A cloud bank hung at ~6000 ft, creating a vista with stunning islands in a sea of clouds (here is a nice pilot’s view). Graham pointed out that collectively we’d skied the big peaks we could see to the north: Marcus on St. Elias, Graham and I on Logan, Graham and Marcus on Hubbard.
After a comfortable snack on the summit we stripped our skins for to ski the descent. We discovered that one of Danny’s Dynafit heel pieces was broken, so he had to downclimb. Danny maintained his incredibly positive attitude, the same attitude that allowed him to shrug off losing his water bottle, axe, shovel, sleeping bag, and a mitt during the trip. In case anyone else is planning on using an ultralight pack for an expedition… don’t.
(Danny… don’t read this part…) The ski descent was awesome! The snow wasn’t great, mostly soft sastrugi, but it was still awesome, and exceptional considering the elevation, exposure, and weather.
We spent a few more days at high camp waiting out thin clouds before Danny and I started the ~100 mile exit. We made a few mistakes… due in part to the fact that I only brought pages of the gazetteer as maps. The first mistkake was trying for a shortcut over the ~1000 ft. Watson Col. Graham and Marcus joined to help scout it out. The col was steep and icy. The backside had a massive cornice and no obvious exit ramps, so we retraced our steps. I hoped to ski down the col but didn’t trust my skis on the steep, crusted snow. I decided to switch to crampons midslope. The wind was howling and pulses of slough accompanied each gust. I had to wrestle my ~70 lb pack onto the slope to get my skis onto the pack. In the process a shoulder strap broke. Then the toe bail on my aluminum CAMP crampons broke. Ugh. I managed to get a few ski straps around the toe piece and gingerly worked my way down the slope using the other guys’ toe imprints. I had to force myself to move slowly even though I knew the guys would be getting cold waiting at the bottom. Marcus climbed back up to lend a proper ice tool. This was the only crappy part of the trip. The brush on Sea Otter Moraine was bad, but I’m good at that kind of bad.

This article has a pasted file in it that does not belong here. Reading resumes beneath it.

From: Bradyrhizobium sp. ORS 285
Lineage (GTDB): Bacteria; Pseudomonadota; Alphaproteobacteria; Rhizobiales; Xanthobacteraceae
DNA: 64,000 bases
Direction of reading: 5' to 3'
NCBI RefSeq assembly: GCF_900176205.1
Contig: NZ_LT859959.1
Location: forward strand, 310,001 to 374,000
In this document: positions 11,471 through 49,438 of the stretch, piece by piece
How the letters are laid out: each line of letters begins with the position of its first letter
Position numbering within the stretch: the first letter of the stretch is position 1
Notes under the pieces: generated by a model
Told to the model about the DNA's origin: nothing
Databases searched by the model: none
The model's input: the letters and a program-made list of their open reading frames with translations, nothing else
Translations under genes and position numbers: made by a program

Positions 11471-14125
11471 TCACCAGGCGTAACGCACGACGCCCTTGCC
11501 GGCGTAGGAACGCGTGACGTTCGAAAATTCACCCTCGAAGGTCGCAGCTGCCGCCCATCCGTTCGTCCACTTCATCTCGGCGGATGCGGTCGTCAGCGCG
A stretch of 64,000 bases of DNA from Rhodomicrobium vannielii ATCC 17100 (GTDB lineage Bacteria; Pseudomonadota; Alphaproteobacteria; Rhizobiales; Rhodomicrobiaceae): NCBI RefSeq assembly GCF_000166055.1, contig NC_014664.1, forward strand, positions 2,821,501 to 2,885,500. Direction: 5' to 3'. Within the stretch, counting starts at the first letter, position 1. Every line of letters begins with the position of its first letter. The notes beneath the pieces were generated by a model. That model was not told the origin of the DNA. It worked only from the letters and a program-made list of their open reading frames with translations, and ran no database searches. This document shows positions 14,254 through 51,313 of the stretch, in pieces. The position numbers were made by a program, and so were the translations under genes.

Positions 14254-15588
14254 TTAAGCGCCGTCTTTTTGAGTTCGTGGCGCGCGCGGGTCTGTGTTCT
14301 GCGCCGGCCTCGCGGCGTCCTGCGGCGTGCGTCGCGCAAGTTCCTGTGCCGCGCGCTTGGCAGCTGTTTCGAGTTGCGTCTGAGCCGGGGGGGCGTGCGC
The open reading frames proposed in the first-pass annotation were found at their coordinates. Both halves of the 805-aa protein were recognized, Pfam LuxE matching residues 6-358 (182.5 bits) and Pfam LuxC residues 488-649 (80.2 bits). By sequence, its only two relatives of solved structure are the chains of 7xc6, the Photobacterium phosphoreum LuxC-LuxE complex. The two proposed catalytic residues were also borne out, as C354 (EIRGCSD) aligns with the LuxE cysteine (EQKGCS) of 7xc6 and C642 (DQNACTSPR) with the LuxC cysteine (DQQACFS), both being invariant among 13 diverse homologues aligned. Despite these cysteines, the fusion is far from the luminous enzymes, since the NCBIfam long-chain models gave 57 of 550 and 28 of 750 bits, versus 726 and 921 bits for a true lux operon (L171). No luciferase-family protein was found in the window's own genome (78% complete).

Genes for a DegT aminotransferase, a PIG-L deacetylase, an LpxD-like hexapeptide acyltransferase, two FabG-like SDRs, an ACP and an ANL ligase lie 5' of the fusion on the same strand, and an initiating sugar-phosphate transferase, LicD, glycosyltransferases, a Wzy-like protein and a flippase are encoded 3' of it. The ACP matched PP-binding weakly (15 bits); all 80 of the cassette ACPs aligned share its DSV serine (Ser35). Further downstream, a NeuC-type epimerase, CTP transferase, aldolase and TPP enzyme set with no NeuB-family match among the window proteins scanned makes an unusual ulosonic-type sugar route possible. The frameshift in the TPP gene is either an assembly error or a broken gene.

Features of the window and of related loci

The rest of our exit was uneventful. It was really cool to see how much Danny’s rope skills and route finding had improved during the trip. He came in with the least experience, but that meant he got to learn the most. He led nearly all of the exit and we had no crevasse falls.
Exiting the Tsirku Glacier was a treat. We had the sun directly behind, casting long shadows down a ridge on the toe of the glacier. The ridge was sloped just enough that we could glide toward the moraine and weave between boulders as they became more abundant. We exited the moraine right where Josh Mumm and I had exited in March, and it was really cool to compare the winter and summer landscapes.
The Tsirku river was straightforward. The start was boiling with big boulders, but quickly mellowed into braided channels. The rapids in front of Le Blondeau Glacier were easily skirted. We pulled over at the village of Klukwan so Danny could check the Ferry schedule; he was anxious to get home. A fisherman saw us, admired our loaded packrafts and gave us some delicious dryfish.
We pulled off the Chilkat river at a boat dock and caught a ride to town with some rafting guides. They knew Graham and Lindsay and were excited about our trip. They brought us to “Meat Night,” a weekly barbecue. We met a ton of cool folks. They suggested that I take off my ski boots, but I thought that was a really bad idea. We smelled bad.
Danny flew out the next morning, I stayed a few nights at Graham and Lindsay’s treehouse waiting for Sarah Heck and Kellie Okonek to drive from Anchorage for a bike race. I bought shoes, pants (too big), shirt and hoody (too small) all for $10 from the thrift store. I even bought underwear. I’ve never considered used underwear, but I was convinced that it was better than what I had on. Someone pointed out this Flight of the Concords lyric to me: You know you’re not in high finance, Considering getting second hand underpants. I took a 4$ shower and worked through three razors to shave. I had forgotten to buy socks, so I relieved some lovely striped ladies socks from the lost and found bin at the laundromat. I was nervous that someone in town would recognize the socks. I think a lot of the folks from the barbecue didn’t recognize me when I waved to them the following days. I should rob banks.